and Bostrom aren't here either.

Enter Ben. Elizabeth turns to her work station, puts on her phone
headset, and starts calling the Professors.

BEN: Let me guess, Steven was pointing out that I was last to arrive?
(Steven makes a face indicating mock disbelief and throws his hands
into the air.) Don't answer; we all know that he was. Well, at least
I'm not late.

GEORGE: Since it is 0801, you technically are.

BEN: That's where you're wrong old friend. Technically, I'm late
if I arrive after we've started. So now that I'm here, we can
start. And where are the Professors, who, according to both George's
and my definition of late, meet the criteria?

ANN: Great question. I'll ring them up.

Elizabeth is hanging up on her the phone calls and turns to the
others.

ELIZABETH: I already have; no answers. I've sent bots to raise them.


GEORGE: Their journey won't be far; I had bots stationed at their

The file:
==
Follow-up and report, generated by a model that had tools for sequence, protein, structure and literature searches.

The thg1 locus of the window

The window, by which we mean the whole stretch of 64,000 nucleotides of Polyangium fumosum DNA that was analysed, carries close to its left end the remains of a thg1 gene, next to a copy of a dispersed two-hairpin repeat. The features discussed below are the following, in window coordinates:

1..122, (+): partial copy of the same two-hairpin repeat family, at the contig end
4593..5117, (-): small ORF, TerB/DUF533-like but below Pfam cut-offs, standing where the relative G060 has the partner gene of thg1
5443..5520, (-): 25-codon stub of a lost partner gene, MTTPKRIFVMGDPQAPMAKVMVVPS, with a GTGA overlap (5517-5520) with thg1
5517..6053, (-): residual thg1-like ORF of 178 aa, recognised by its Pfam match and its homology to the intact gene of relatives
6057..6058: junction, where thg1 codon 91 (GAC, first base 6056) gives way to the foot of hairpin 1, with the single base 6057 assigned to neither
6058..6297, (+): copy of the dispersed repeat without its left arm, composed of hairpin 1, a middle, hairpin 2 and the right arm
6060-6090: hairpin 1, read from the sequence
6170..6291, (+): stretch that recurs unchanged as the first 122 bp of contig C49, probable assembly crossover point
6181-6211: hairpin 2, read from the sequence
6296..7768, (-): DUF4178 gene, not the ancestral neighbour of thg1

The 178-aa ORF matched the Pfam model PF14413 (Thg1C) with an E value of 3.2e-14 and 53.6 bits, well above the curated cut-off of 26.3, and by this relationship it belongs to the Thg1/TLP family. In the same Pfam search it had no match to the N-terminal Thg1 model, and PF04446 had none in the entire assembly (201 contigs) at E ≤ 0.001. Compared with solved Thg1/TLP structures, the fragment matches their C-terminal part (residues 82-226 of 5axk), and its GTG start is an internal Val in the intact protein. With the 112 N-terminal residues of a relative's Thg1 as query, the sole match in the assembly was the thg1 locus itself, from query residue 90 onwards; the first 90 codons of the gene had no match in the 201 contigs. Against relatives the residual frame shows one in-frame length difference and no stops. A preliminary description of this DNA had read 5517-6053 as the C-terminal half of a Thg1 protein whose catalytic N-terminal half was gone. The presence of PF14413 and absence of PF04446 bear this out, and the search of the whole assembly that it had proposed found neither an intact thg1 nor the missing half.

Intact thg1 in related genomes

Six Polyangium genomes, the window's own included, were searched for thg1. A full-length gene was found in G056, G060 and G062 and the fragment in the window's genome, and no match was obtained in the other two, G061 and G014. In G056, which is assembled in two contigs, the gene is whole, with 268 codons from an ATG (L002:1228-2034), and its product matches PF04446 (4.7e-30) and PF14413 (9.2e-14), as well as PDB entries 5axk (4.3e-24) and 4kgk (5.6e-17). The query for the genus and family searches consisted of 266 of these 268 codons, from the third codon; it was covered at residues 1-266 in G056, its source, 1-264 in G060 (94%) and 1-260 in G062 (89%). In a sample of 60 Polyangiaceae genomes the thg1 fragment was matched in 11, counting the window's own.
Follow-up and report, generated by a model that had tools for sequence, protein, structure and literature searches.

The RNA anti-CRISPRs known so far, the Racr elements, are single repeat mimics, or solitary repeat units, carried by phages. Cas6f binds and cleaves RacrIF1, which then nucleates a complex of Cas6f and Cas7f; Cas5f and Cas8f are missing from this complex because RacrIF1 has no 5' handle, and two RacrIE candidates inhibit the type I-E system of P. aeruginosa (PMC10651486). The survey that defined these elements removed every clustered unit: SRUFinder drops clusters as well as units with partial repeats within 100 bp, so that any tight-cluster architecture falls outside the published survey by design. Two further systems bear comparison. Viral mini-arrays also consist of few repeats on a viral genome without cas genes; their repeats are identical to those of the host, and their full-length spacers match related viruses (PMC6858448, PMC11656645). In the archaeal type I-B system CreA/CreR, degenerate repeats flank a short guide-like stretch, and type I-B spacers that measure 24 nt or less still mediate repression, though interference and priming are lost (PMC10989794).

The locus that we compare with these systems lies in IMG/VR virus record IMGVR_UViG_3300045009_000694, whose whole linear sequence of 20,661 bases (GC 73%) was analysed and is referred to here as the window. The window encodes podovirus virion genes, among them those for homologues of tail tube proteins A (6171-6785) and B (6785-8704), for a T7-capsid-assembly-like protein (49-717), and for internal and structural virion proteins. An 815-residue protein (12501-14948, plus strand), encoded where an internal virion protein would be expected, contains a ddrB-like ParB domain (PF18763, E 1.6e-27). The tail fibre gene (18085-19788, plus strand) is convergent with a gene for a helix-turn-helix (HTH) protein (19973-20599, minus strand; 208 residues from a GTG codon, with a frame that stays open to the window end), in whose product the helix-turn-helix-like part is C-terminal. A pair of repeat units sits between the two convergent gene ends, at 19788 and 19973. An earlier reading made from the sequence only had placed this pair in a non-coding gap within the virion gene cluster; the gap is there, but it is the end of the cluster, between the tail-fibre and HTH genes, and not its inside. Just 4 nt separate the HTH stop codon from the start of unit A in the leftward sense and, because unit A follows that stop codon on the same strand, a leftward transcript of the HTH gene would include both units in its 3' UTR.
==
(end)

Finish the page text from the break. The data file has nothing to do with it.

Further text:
doors at 0755, right after I arrived before them.

BEN
Why didn't you do similarly for me George?

STEVEN: Because you're a hopeless cause Ben.

GEORGE: And because it's nice to have five minutes without you
pestering the rest of us!

Everyone gets a kick out of Steven and George's ribbing of Ben,
including Ben. Ben and Steven take a seat at the table and open up
their tablets. George and Elizabeth return to the table.

STEVEN: It's very uncharacteristic of them to be late for their own
project.

ELIZABETH: Quite. I'm sure George will issue the appropriate
demerits.

GEORGE: Punctuality is always important to ensure completing projects
on time. And this one has an impossible timeline.

Ann, seeing that her colleagues have taken their place at the table,
joins them.

BEN: George, need I remind you that history is filled with accidents
and scheduling issues. Penicillin and Kellogg's Corn Flakes were the
results of people showing up late. In fact, hundreds of discoveries
resulted from accidents. Don't overrate controlled processes and
experiments; a lot of great moments in history were brought about due
to chaos and disorder.

GEORGE: You're comparing our simulation to corn flakes? We're on
the verge of the biggest breakthrough in the history of mankind, not
feeding children their breakfast.

STEVEN: At least they're both Greeaat!

Ben, Elizabeth and Ann smile their approval of Steven's joke. George
shakes his head disapprovingly.